As briefly mentioned above, it is appreciated larger cooling and sensing array 32 for human use are desired. The geometry of thin-film heat spreaders for such and application are optimized for lateral cooling uniformity and co-location of resistance temperature sensors and intracranial EEG electrodes. The cooling and sensing array will also be evaluated in combination with the control system to test operation and performance of the entire system.

It is expected the present grid electrode system 10 offers a significant achievement for three reasons. First, by developing such a system relating to the use and understanding of local brain cooling, an alternative and complimentary methodology for controlling the expression of seizures that can be better directed and better controlled than electrical stimulation. Electrical stimulation as a therapeutic option for seizure control has received considerable attention in the past decade. Three first generation devices, from Cyberonics, Medtronic, and NeuroPace are in use or in clinical trials. Two of them (Cyberonics and Medtronic) are chest implanted open-loop systems that periodically stimulate a part of the brain or a nerve leading to the brain, with the latter approach having been used in more than 45,000 patients for the treatment of epilepsy or depression. The third is a brain implantable responsive device which stimulates selected brain areas. Intervention results because electrical stimuli interrupt function between two electrode contacts or in the case of the NeuroPace device also between the electrode contacts and the device body. The assumption is that electrical stimuli emitted from one electrode contact travel to a second electrode contact in a cathode-anode pair. The formation of a cathode anode pair, however, is doubtful in a medium which offers multiple alternate current paths to electrical charge. In our test, in humans, of a prediction of a computational study performed by the Hopkins group (Nathan S S, Sinha S R, Gordon B, Lesser R P and Thakor N V. Determination of current density distributions generated by electrical stimulation of the human cerebral cortex. Electroencephalography & Neurophysiology 1993; 86 (3): 183-92), we confirmed that when excitatory stimuli are delivered to intracranial EEG electrode contacts separated by more than 2 cm they do not form a cathode-anode pair, activating tissue between stimulated contacts, but rather result in activation of tissue around a stimulating electrode contact (Gwinn R P, Spencer D D, Tkeshelashvili Duckrow R B, Vives K P, Spencer S S and Zaveri H P. Changes in local cortical ECoG activity with 50 Hz stimulation in humans. Epilepsia 2008; 49 (9) 1602-1610).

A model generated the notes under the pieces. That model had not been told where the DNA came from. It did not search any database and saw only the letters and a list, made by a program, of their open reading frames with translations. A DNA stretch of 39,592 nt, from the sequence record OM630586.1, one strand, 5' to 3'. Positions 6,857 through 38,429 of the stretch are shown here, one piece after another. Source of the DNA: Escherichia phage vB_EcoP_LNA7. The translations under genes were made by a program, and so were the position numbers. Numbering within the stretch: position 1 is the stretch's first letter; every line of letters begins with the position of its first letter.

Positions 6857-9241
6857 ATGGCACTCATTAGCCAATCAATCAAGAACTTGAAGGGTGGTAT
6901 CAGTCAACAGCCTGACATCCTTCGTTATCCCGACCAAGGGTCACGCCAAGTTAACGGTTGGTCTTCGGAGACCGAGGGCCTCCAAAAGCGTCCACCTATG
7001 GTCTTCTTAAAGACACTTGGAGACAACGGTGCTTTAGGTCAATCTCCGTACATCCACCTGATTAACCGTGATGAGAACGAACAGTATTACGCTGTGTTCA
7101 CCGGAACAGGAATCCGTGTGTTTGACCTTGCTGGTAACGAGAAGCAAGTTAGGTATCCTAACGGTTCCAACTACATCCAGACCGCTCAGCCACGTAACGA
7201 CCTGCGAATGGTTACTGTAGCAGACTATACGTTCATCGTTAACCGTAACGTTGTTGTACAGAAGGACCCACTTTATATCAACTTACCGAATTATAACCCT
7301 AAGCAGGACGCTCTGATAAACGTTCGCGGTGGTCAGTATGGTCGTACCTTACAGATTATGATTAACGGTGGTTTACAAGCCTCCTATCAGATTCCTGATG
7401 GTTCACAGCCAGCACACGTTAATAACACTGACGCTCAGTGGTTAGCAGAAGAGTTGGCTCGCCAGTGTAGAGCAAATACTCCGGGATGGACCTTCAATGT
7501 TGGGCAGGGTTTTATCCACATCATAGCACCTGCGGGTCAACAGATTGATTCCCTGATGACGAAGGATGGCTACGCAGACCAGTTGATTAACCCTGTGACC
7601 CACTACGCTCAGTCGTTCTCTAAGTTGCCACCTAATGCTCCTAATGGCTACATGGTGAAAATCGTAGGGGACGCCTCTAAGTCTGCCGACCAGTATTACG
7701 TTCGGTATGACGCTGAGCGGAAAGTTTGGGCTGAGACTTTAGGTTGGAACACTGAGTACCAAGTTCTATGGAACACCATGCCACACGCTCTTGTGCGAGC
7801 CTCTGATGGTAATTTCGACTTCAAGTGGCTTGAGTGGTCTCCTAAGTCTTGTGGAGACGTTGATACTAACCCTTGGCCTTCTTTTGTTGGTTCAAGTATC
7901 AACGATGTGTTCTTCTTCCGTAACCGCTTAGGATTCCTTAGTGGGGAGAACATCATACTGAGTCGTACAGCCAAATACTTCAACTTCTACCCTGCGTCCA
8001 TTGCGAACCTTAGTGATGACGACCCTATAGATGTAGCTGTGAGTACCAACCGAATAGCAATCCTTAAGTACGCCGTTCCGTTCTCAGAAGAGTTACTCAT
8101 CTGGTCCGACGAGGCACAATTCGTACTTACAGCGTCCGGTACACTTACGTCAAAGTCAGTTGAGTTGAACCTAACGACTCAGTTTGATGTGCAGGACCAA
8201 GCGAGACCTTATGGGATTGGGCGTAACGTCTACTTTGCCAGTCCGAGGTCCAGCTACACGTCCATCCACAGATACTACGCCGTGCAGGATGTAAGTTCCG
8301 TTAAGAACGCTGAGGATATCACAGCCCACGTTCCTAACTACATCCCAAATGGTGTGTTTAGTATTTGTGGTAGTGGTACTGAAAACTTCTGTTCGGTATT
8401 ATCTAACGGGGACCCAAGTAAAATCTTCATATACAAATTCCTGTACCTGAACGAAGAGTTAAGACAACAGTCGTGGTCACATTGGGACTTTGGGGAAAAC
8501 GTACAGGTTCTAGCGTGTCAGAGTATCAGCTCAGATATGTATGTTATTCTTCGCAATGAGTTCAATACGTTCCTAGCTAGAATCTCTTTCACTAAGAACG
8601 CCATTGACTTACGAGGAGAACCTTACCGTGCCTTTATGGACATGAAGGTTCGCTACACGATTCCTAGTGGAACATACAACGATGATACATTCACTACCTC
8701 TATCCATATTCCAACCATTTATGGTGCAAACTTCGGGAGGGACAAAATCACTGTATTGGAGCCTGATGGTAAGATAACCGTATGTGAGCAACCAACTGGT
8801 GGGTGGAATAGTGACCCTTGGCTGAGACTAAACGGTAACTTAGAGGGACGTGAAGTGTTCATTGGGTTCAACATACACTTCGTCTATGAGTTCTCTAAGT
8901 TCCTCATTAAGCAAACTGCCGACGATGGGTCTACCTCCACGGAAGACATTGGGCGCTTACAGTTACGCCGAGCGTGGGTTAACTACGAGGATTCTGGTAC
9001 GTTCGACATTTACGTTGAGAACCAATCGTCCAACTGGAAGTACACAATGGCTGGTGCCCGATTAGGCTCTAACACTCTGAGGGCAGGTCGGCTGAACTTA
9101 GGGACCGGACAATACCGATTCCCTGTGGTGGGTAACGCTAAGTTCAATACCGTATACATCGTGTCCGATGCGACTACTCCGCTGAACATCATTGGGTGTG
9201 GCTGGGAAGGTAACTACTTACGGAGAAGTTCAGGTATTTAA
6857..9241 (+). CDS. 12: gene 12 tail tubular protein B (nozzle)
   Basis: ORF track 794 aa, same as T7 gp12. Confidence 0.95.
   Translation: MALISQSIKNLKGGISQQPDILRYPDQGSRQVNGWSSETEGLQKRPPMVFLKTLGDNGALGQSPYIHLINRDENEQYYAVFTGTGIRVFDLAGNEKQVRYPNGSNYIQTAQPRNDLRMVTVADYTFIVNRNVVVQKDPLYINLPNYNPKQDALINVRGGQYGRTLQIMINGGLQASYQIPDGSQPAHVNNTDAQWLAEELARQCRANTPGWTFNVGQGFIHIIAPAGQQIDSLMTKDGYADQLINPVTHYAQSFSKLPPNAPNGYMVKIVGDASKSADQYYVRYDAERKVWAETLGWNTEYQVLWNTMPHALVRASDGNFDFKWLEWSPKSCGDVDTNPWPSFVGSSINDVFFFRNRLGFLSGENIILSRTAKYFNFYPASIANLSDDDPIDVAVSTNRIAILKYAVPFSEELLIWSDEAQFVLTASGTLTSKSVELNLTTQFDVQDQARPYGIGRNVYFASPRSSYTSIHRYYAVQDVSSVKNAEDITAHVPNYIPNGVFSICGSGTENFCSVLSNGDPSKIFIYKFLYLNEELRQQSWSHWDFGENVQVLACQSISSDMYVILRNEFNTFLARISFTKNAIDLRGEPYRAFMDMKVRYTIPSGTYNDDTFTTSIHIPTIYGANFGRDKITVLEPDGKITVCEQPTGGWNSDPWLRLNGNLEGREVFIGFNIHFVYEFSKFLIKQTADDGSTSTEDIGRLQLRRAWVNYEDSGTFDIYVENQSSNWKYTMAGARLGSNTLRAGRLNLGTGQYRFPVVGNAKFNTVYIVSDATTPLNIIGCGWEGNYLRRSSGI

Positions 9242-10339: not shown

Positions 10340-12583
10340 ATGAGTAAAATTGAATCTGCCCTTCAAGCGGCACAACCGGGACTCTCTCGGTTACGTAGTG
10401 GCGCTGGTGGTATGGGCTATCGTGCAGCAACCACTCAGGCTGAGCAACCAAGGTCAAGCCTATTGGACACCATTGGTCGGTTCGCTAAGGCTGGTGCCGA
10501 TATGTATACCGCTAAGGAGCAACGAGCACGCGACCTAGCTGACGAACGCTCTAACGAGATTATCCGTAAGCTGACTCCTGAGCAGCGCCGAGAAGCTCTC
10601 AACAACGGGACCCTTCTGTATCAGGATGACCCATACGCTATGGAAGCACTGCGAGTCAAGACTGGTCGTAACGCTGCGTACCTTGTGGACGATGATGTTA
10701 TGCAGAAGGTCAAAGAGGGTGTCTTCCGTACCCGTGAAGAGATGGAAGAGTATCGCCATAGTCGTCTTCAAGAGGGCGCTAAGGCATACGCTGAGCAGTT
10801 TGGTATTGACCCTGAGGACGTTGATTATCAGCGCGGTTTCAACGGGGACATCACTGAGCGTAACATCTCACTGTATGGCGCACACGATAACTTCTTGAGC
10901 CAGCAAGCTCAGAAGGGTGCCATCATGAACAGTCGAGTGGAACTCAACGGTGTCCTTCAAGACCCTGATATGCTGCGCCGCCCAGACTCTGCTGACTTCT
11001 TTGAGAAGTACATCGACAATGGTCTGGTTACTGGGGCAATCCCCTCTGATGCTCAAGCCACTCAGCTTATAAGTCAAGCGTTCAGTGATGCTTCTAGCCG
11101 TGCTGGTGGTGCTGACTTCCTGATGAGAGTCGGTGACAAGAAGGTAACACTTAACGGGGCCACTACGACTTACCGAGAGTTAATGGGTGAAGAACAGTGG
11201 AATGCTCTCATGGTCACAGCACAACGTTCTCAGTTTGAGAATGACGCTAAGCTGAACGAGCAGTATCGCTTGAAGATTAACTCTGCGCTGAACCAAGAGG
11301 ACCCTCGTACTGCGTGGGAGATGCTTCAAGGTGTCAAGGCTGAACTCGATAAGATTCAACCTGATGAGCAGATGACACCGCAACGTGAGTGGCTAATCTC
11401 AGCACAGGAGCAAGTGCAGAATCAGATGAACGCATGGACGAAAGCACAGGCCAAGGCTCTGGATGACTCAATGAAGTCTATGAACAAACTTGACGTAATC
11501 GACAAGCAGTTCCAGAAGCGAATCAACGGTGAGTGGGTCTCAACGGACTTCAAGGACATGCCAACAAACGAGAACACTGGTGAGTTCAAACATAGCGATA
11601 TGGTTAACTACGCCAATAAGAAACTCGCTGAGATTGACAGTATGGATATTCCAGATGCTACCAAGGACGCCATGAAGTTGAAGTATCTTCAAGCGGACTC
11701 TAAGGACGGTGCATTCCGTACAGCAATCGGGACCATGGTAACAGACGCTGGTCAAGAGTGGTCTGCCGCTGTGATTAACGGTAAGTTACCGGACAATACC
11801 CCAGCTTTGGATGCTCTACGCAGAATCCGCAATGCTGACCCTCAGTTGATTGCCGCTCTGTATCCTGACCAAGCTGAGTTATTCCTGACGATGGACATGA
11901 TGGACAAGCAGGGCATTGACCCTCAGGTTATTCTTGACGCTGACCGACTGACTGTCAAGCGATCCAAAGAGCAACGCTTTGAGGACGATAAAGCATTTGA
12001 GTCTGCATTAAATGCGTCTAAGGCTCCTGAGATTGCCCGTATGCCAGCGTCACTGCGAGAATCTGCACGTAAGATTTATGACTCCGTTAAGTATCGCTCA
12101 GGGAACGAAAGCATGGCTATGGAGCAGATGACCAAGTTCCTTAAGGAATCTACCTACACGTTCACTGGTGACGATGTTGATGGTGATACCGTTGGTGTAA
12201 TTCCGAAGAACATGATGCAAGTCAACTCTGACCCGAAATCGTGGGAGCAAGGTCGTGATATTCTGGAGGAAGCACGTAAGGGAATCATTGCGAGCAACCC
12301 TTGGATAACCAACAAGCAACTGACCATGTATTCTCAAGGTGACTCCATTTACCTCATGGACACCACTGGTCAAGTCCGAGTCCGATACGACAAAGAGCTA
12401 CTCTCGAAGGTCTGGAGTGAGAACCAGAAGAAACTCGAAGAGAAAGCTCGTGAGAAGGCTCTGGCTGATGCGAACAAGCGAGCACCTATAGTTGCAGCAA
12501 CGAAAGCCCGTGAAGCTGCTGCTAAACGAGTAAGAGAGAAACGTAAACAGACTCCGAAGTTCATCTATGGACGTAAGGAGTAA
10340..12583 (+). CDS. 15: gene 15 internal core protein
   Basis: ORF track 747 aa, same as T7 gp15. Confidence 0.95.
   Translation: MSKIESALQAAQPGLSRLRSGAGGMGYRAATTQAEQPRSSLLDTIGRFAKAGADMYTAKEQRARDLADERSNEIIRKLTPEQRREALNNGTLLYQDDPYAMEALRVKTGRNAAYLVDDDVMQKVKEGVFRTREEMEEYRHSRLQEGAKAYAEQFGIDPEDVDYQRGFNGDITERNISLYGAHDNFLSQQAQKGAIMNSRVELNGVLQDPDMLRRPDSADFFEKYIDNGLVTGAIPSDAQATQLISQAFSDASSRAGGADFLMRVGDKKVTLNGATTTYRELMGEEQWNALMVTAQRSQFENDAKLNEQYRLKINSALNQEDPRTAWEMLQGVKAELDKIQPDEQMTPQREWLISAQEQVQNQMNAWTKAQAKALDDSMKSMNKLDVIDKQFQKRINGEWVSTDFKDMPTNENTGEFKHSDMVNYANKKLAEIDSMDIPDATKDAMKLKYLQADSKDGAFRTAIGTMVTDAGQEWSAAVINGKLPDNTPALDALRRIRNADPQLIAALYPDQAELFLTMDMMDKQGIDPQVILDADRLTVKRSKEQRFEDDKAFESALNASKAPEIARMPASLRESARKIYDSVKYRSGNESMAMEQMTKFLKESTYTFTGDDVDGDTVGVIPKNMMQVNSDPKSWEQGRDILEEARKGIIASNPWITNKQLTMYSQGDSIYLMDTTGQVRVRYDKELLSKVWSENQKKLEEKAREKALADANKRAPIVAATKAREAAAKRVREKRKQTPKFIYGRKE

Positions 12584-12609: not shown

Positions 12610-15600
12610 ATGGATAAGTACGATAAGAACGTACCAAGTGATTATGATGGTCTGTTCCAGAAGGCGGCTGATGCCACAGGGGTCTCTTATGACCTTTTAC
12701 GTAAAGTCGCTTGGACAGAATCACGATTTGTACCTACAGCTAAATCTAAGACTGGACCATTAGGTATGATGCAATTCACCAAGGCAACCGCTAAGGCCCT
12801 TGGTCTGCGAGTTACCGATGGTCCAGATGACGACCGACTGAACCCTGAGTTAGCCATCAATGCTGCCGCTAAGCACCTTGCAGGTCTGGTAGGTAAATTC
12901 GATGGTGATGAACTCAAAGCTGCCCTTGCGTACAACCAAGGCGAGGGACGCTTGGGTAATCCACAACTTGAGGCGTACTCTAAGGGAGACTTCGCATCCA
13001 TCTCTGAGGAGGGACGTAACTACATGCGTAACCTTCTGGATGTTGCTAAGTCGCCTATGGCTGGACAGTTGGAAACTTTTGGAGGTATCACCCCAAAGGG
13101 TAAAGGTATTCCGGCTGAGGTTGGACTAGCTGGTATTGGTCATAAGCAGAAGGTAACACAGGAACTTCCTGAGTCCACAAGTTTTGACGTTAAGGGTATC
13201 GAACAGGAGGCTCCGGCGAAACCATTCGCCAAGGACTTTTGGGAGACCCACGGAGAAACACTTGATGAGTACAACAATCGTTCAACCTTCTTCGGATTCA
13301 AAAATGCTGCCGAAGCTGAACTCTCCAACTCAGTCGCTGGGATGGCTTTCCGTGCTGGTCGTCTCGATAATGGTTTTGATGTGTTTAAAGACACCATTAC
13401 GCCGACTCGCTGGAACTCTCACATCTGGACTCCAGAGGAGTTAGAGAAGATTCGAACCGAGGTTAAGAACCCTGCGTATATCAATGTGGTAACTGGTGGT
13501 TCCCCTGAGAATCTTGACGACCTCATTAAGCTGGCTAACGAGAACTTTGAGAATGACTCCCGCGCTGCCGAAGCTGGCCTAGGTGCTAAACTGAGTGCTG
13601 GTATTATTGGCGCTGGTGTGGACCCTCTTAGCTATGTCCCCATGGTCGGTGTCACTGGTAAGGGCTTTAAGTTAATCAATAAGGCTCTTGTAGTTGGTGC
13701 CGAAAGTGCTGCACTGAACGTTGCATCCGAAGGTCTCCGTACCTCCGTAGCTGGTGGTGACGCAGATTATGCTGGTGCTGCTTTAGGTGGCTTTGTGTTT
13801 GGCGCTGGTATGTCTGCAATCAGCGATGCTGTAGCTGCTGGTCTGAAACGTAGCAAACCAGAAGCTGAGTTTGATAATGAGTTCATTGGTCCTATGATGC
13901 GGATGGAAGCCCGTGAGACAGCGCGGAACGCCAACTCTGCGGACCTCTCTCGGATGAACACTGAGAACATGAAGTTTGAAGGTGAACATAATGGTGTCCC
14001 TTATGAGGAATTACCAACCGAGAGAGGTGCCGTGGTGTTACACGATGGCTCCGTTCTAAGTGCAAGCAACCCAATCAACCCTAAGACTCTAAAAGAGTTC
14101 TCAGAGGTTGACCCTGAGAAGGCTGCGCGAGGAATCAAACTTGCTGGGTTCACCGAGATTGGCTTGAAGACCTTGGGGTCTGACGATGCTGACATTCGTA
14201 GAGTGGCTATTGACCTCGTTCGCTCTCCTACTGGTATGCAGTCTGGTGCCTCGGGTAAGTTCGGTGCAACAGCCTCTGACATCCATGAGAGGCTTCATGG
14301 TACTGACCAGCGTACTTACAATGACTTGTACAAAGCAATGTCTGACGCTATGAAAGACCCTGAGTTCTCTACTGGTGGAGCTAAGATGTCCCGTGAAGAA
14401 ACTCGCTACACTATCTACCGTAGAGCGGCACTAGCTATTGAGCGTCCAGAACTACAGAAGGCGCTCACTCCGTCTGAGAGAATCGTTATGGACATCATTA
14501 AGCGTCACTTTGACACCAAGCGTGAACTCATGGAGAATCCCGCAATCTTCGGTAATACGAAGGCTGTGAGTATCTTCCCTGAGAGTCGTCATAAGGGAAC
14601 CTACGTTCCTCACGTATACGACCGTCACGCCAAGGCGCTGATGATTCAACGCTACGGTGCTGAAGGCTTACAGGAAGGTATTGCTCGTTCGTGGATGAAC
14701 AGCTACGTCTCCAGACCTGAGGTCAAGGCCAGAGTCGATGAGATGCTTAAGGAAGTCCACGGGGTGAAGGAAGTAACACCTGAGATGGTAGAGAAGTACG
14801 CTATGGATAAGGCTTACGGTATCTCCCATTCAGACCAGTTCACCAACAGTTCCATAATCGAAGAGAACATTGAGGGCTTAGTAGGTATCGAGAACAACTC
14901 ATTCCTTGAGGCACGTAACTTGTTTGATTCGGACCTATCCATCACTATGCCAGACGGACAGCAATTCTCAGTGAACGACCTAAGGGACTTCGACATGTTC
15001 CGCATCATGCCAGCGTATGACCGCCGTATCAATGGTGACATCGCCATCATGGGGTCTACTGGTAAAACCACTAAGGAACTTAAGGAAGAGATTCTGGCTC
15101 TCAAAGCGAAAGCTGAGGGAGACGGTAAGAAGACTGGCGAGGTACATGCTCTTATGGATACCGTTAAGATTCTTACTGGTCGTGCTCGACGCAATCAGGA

Second, the device will allow improved mapping of brain function and the ability to perform reversible functional ablation in the epilepsy monitoring unit (EMU). Of the approximately 2.1 million patients with epilepsy in the USA, about 600,000 could be appropriate candidates for surgical resection. Almost half, however, require intracranial EEG monitoring to localize an epileptogenic source for their seizures. Almost half of those patients either are not candidates for resection or fail surgical control. The most common reasons we are unable to carry out successful surgery are either the identification of multiple foci or, most commonly, the overlap of non-dispensable function with the epileptogenic region. In some instances, surgeons will hesitate to resect association cortex such as parietal or frontal locations because one cannot readily predict the cognitive or behavioral consequences of a given resection volume. This often results in leaving behind epileptogenic tissue and failure of seizure control.

Intracranial electrodes are used to inactivate tissue between a pair of contacts to map function in the EMU. Local cooling has the potential of providing a more accurate functional localization not only because it can inactivate a more restricted region of cortex with no discernible effect on normal cortical function (Rothman S M and Yang X.-F. Local Cooling: A Therapy for Intractable Neocortical Epilepsy. Epilepsy Currents 2003; 3 (5): 153-156; Tanaka N, Fujii M, Imoto H, Uchiyama J, Nakano K, Nomura S, Fujisawa Kunitsugu I, Saito T and Suzuki M. Effective suppression of hippocampal seizures in rats by direct hippocampal cooling with a Peltier chip. Journal of Neurosurgery 2008; 108 (4): 791-7), but also because non-contiguous areas and areas with greater spatial complexity than that between a pair of electrode contacts can be mapped. We note, for example, that an area underlying 3 electrode contacts cannot be simultaneously inactivated by electrical stimulation because of the limitation to pairwise activation. Local cooling also removes the possibility of stimulation-induced seizures that confound the interpretation and lengthen the duration of mapping procedures. A cooling and sensing array 32, with its unique ability to interrupt function over complex spatial areas will also allow the surgeon to perform reversible functional ablation in the EMU which can considerably help in the planning of respective epilepsy surgery, particularly when the areas to be resected lie close to sensitive function which must be protected. A cooling and sensing array 32 may provide a solution both for seizures emanating from functional tissue and to perform a reversible functional ablation of a much larger volume of brain than present point to point electrical stimulation can provide. For example, patients with suspected occipital lobe epilepsy could have grids placed over the occipital region in order to verify the volume of occipital lobe involved in generating the seizure. After capturing several seizures in the EMU, the seizure onset area could be reversibly cooled demonstrating the extent of visual field cut and the patient's tolerance of that neurological loss. The same scenario would apply for non-dominant visual spatial function in parietal lobe epilepsy or testing of attention and organization in areas of frontal lobe in a respective field. Certainly, cooling might provide for a much cleaner, more tightly defined comprehensive language region in the dominant parietal temporal epilepsies, Second, in many instances the temporary cooling along with the epilepsy field localization demonstrates such overlap that resection is impossible, and under these circumstances responsive cooling of the region may halt seizure spread without permanent neurological injury. That is, the cooling sensing array may be left in place and used instead to control seizures instead of proceeding to surgery for epilepsy.